Former Taylor, Bean & Whitaker (TBW) Chairman Lee Bentley Farkas spearheaded an undetected decade long $2.9 billion fraud scheme that ultimately contributed to the failure of the mortgage lender and Colonial Bank. Facing mounting losses at TBW, Farkas and his co-conspirators hid them through a variety of crimes. They secretly overdraw the firm's accounts with Colonial Bank. They lied about securing $300 million in funds from private investors. And they submitted financial data and filings that had materially false and misleading information, among other crimes. During the fraud, Farkas lived in the lap of luxury using the more than $38 million that he stole from TBW and Colonial Bank - buying a jet, expensive antique and collector cars including a Rolls Royce, and multiple vacation homes.

SIGTARP's Role
This 10-year fraud was undetected until Colonial Bank applied for TARP and SIGTARP discovered the fraud.

Investigation Fact
The fraud contributed to the failure of Colonial Bank, one of the 25 largest banks in the nation with $25 billion in assets, the third largest bank failure since the crisis, and the sixth largest bank failure in U.S. history, as well as the failure of TBW which was one of the largest mortgage lenders in the nation. Then U.S. Attorney Neil McaBride said the scheme "affected those at the heart of the financial crisis, including major financial institutions, government agencies, taxpayers, and employees and investors."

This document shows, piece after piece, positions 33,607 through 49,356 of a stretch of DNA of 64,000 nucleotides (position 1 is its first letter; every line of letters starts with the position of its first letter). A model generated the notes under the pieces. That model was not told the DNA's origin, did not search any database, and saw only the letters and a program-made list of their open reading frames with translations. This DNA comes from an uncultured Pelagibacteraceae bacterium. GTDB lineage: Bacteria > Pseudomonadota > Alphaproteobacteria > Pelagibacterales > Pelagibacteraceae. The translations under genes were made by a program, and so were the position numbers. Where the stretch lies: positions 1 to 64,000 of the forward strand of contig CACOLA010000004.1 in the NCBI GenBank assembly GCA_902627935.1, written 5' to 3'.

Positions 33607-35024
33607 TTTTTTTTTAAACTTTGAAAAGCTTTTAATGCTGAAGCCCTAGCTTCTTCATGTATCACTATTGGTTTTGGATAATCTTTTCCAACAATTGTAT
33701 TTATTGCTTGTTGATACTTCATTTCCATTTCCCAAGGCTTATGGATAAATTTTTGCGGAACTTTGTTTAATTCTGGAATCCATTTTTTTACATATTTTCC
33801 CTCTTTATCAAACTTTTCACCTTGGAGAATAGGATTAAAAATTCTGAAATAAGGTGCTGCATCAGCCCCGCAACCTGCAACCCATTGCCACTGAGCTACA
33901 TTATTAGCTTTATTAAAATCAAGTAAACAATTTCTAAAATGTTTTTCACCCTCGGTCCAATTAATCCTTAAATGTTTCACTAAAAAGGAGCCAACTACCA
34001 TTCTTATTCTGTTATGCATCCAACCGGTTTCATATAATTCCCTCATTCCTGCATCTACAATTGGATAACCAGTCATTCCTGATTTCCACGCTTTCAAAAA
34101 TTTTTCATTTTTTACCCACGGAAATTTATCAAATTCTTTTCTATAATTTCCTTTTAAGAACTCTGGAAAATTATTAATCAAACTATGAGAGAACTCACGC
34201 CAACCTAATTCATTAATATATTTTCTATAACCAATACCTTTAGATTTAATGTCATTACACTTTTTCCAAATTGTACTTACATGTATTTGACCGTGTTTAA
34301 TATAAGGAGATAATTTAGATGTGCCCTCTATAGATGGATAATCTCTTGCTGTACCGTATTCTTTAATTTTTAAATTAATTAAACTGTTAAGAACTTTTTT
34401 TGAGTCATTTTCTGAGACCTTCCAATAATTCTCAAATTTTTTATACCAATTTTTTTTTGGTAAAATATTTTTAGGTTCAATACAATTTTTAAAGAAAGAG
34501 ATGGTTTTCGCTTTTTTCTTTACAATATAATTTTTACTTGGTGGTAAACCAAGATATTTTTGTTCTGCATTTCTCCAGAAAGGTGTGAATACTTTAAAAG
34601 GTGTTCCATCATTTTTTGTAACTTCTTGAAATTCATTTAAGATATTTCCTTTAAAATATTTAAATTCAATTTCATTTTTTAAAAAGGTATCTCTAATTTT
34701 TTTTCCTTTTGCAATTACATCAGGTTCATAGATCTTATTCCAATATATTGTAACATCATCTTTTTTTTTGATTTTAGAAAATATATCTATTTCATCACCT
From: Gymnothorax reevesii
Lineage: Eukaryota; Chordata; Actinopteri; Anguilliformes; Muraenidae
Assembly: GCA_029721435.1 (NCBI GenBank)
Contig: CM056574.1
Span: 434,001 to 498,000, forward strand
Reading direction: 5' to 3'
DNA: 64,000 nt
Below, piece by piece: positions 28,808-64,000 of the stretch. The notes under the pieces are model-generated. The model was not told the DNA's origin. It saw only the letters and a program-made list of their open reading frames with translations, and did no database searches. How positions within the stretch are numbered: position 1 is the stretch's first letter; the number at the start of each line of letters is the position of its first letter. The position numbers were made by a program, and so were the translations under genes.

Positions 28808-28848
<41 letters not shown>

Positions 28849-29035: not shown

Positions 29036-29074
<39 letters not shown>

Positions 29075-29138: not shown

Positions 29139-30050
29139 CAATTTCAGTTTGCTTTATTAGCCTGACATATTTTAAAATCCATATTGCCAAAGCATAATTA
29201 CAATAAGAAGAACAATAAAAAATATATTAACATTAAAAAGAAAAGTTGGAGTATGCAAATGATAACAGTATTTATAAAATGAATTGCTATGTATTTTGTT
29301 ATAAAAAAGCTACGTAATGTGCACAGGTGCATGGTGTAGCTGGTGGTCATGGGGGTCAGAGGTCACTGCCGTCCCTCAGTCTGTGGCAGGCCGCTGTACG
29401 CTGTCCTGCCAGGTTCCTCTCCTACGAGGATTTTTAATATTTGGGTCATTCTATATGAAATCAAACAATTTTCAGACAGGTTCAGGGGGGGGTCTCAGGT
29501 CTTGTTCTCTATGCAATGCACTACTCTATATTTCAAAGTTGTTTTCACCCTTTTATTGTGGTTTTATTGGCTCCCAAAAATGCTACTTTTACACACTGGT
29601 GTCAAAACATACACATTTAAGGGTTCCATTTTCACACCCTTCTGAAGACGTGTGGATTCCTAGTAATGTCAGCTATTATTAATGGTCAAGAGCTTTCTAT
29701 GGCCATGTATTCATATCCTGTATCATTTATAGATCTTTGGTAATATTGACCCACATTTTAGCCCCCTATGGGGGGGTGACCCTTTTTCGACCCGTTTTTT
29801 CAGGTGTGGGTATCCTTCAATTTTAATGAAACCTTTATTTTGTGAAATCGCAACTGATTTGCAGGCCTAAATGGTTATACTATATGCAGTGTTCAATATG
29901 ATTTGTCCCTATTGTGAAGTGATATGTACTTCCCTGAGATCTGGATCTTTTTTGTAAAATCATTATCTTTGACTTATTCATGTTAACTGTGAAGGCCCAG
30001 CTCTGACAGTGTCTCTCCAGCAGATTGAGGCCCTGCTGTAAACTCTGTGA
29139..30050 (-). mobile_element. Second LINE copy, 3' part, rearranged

Prosecution
SIGTARP saved $553 million in TARP funds that Treasury had already approved to invest in the bank. Eight defendants were sentenced to prison, including Farkas and former Colonial Bank senior vice president Catherine Kissick; they received 30 and eight year sentences, respectively.

The fraud SIGTARP's investigations uncovers reduces banks' ability to lend through a vicious cycle: the fraud causes losses, bank capital is reduced, and less money flows to local businesses and communities

- Special Inspector General Goldsmith Romero